By Joe Pappalardo


When a German artillery shell killed 1st Lt. William F. Davitt on Nov. 11, 1918, the Knights of Columbus chaplain became the last American officer to die in World War I. That same morning, the fighting would stop at 11 a.m. on Armistice Day.

Davitt would leave the trenches to drag wounded soldiers out of no man’s land to safety. The volunteer Knights of Columbus chaplain also continued to celebrate Mass, hear confessions and give last rites while supporting the troops in France. He was awarded the Croix de Guerre and recommended for the Distinguished Service Cross for leading a rescue party through machine gun fire to save 40 wounded soldiers.

Despite all of this, he never received a Purple Heart for his ultimate sacrifice. His family is on a quest to change that.

Robin Davitt, the chaplain’s great-niece and a retired Air Force Colonel, visited the Knights of Columbus museum’s World War I exhibit in early May, along with her cousin Christina Davitt Dubis. A Gulf War veteran herself, Col. Davitt is seeking a posthumous Purple Heart for her great uncle.

“If he were royalty he would be the people’s prince,” she said, noting the strong bonds he held with his parishioners and family in western Massachusetts.

Before he was braving bullets and saving lives, Father Davitt was a priest at St. Ann Parish in Lenox, Mass. There, the local Knights, Council 2412, is named after him. Several other landmarks across Massachusetts bear his name, including the Father William F. Davitt Memorial Bridge in Chicopee and a memorial square in Worcester. Each year, football players at his alma mater —College of the Holy Cross— see his name on the awards for most outstanding offense and defensive player.

Col. Davitt said it was incredible “for a priest back then to say ‘I’m going to give up the Berkshires and go minister to the troops and say Mass.’”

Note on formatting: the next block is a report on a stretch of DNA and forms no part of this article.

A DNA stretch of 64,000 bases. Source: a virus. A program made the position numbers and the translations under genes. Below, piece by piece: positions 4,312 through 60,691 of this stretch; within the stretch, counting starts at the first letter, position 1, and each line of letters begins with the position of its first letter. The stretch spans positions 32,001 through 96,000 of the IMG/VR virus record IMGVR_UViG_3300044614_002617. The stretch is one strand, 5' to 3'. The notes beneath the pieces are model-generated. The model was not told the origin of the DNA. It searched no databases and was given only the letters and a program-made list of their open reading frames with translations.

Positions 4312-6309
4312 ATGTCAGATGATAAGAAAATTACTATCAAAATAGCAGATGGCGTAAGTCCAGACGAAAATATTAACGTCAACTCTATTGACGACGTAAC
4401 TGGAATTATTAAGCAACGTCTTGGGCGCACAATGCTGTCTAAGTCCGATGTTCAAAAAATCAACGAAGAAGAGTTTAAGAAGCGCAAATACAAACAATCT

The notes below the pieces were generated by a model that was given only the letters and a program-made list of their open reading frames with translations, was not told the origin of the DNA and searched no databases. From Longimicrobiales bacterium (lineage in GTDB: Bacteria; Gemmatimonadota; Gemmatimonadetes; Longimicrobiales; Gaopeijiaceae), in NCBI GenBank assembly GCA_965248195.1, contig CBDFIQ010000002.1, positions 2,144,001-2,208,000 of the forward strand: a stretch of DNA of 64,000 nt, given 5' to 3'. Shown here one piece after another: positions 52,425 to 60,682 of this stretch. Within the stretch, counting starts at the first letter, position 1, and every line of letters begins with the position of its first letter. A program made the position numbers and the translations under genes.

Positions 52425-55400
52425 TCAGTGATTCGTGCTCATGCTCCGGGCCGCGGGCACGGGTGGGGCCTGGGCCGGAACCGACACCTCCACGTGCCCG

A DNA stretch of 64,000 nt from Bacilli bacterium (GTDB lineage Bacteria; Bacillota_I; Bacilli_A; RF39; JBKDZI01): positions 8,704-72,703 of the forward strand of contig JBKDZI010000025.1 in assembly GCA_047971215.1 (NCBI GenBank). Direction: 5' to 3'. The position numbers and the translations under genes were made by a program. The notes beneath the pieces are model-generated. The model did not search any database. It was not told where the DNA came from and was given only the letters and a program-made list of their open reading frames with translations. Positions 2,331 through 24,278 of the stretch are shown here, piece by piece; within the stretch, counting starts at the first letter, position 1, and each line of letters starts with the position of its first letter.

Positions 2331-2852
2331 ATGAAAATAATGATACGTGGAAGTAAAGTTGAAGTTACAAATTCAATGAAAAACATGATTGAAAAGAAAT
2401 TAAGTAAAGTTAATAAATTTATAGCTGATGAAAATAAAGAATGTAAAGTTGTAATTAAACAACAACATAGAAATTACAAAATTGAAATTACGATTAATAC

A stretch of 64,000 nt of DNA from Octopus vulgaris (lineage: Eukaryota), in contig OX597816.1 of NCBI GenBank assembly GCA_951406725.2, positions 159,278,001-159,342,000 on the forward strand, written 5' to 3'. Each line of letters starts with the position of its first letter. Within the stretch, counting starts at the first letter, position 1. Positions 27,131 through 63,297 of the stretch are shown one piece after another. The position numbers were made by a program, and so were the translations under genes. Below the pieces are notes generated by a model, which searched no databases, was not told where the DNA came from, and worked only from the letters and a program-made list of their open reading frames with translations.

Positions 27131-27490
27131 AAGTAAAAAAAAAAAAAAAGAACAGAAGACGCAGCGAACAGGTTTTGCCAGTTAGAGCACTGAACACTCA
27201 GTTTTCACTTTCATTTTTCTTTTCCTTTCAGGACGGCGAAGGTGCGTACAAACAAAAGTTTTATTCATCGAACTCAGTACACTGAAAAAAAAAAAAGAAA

Father Davitt left the life of a parish priest to support soldiers fighting in France. Along with his famous rescues, he was known to assist in burying fallen troops and going over the top of the trenches alongside U.S. forces. Even burial parties could be shot while tending to the dead because it required them to leave cover for no-man’s land.

Still, Father Davitt has yet to receive the Purple Heart. He was confirmed to be eligible on November 13, 2018, but there’s a catch — only direct family members can receive the award on his behalf. For grand-nieces like Col. Davitt and Dubis, this means there’s more work to be done.

“I’ve been reaching out to just about everybody,” Col. Davitt said, listing the Secretary of Defense among the officials she’s contacted to appeal for the award.

Until then, the family remains proud of the efforts of Father Davitt.

For the full list of Chaplains and Knights like Davitt who lost their lives in World War I, click here.

If there are corrections to the list, they should be sent to, Knights of Columbus Museum. She is keeping the master list of Knights who were killed in WWI.

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